Dog dry itchy skin: is your dog itching a lot this winter? Has your dog's coat lost its glossy appearance? Dry skin seems to be a problem for many dogs in the winter. Just as in humans, their skin seems to dry out and become flaky and dull. Often dogs will also itch a lot. Itching may further aggravate the skin often causing more irritation, the development of hot spots and even skin infections. Here are some hopefully helpful solutions, to make your pet feel better.
Oatmeal baths are great because they are soothing and a natural way to give relief to irritated skin. Adding some colloidal oatmeal such as Aveeno to the water in the bath tub may really make a difference.
Try Cool Baths
Cool water works much better than warm water in giving relief. Make sure to dry your dog well and not get chilled though!
How Many Taste Buds Do Dogs Have?
Knowing how many taste buds dogs have will allow you to learn more about your canine companion and can also help you understand his behavior better. Dogs share many anatomical features with humans, but they are also built in several different ways. Discover how many taste buds dog have and how this influences their behavior.
Excess is not Good
As much as you want to give relief, keep in mind though that too many baths may strip away the dog's natural oils in the skin making problems worse.
Up the Humidity
Dry winter weather and the dry environment of heated homes deprive the air of humidity. Keeping the home humidified may help winter dry skin in both dogs and humans.
Adding some oil to the dog's food may be helpful but it is important not to over do it as too much may cause diarrhea. You can try by giving some olive oil by adding a small amount to the dog's food once a day or you can dip a small piece of bread in olive oil. Massaging your dog's skin with a bit of olive oil may also be helpful.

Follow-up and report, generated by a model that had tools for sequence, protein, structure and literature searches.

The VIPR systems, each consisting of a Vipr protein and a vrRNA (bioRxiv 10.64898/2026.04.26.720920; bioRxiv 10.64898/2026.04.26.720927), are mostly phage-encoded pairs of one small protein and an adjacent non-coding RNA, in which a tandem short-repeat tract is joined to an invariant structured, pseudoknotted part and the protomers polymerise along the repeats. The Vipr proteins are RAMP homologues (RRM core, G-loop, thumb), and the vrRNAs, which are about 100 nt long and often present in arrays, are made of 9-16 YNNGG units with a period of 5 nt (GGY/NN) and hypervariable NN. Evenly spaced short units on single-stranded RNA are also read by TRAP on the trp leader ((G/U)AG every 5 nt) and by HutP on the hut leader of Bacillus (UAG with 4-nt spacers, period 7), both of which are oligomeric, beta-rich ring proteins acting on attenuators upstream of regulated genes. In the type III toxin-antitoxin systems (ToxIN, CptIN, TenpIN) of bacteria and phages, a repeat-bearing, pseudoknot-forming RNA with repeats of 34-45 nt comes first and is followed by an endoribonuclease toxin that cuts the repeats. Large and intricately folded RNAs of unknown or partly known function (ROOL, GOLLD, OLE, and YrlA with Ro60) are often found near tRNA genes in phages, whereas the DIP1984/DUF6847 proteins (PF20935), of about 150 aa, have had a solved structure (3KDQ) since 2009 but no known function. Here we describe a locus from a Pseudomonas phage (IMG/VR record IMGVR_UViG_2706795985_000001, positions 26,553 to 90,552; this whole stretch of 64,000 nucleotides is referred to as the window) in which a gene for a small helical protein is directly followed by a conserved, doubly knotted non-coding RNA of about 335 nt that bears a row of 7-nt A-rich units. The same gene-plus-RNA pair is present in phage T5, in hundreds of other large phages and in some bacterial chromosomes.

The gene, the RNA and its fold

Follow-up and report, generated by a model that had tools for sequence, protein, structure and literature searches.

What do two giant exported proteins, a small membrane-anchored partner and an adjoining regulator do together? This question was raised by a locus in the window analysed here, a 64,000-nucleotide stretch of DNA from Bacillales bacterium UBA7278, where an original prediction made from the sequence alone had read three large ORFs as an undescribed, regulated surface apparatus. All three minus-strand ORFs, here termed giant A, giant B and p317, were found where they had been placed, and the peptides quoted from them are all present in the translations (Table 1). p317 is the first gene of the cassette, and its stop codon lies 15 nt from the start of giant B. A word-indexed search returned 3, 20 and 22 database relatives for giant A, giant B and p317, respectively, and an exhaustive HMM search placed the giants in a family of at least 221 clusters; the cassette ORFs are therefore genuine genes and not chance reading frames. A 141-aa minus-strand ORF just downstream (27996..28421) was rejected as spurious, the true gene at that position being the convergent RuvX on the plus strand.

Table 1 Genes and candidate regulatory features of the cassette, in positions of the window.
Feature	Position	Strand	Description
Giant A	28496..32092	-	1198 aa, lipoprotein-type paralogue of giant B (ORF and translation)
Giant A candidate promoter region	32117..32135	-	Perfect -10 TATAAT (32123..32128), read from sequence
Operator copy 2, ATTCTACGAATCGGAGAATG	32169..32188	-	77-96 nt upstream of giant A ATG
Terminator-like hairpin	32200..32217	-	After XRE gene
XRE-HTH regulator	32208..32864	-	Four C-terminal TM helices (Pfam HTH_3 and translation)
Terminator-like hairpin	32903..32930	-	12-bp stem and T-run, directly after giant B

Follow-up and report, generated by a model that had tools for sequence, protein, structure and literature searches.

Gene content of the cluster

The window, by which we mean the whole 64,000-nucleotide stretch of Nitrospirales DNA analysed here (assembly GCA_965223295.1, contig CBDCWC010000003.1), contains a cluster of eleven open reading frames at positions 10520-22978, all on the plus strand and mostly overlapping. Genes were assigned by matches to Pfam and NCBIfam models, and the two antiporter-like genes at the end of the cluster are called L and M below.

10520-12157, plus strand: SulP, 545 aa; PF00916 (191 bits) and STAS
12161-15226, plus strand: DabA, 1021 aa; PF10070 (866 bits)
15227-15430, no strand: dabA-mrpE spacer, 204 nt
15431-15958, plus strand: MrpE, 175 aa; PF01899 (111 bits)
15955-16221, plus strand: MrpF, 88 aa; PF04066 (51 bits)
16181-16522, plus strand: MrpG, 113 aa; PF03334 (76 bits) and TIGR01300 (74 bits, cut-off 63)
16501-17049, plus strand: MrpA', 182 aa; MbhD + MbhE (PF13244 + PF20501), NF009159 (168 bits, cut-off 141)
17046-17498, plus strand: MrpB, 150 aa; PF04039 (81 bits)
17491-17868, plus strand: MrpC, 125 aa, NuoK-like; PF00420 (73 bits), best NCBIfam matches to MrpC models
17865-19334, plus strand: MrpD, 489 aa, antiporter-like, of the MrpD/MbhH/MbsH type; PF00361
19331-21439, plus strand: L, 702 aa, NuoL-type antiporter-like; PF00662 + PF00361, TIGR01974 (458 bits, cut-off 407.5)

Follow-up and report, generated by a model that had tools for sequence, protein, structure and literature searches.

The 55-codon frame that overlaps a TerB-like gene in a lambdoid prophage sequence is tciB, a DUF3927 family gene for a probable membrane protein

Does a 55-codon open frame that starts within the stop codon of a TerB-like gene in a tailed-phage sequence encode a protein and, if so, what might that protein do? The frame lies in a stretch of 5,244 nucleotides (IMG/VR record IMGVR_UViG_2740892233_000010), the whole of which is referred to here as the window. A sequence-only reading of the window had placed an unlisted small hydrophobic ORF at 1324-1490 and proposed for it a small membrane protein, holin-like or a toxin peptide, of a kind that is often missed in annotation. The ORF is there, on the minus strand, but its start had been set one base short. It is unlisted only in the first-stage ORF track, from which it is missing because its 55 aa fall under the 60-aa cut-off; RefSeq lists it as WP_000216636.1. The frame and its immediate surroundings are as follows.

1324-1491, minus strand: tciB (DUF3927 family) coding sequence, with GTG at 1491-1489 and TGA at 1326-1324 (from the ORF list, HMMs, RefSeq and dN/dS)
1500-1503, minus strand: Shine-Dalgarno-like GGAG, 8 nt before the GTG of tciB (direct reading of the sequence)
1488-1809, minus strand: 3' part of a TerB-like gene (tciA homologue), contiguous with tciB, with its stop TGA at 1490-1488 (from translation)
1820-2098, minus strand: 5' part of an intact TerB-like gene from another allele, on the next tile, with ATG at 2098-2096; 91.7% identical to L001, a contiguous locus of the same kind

[adinserter block="4"]Fatty Acids
Oil may do the trick, but fatty acids/fish oil seems to work much better, as a matter of fact, fatty acids may work very well when dealing with dry, itchy skin. There are several fatty acid supplements available in pet stores or over the internet. Some dog foods are also supplemented with omega 3 fatty acids.
As seen there are many ways, you may be able to help out your itchy pooch, however, it is always best to rule out skin allergies, fungal and yeast infections by your veterinarian as these are common culprits for itchy skin. A physical exam by your veterinarian should be done first to rule out these conditions before trying home treatments. Fleas must be ruled out as well, as these are a well known of scratching. There are also many other skin conditions that may cause itchiness and dry, flaky skin. Itchiness can be a very frustrating issue to deal with. Finding the underlying cause (if other than winter skin dryness) is key to finding appropriate treatment.
*Disclaimer: All remedies suggested are not to be used as a substitute for professional veterinary advice. If your pet is sick please refer to your veterinarian for a hands on examination. If your pet is exhibiting behavior problems please refer to a professional pet behaviorist.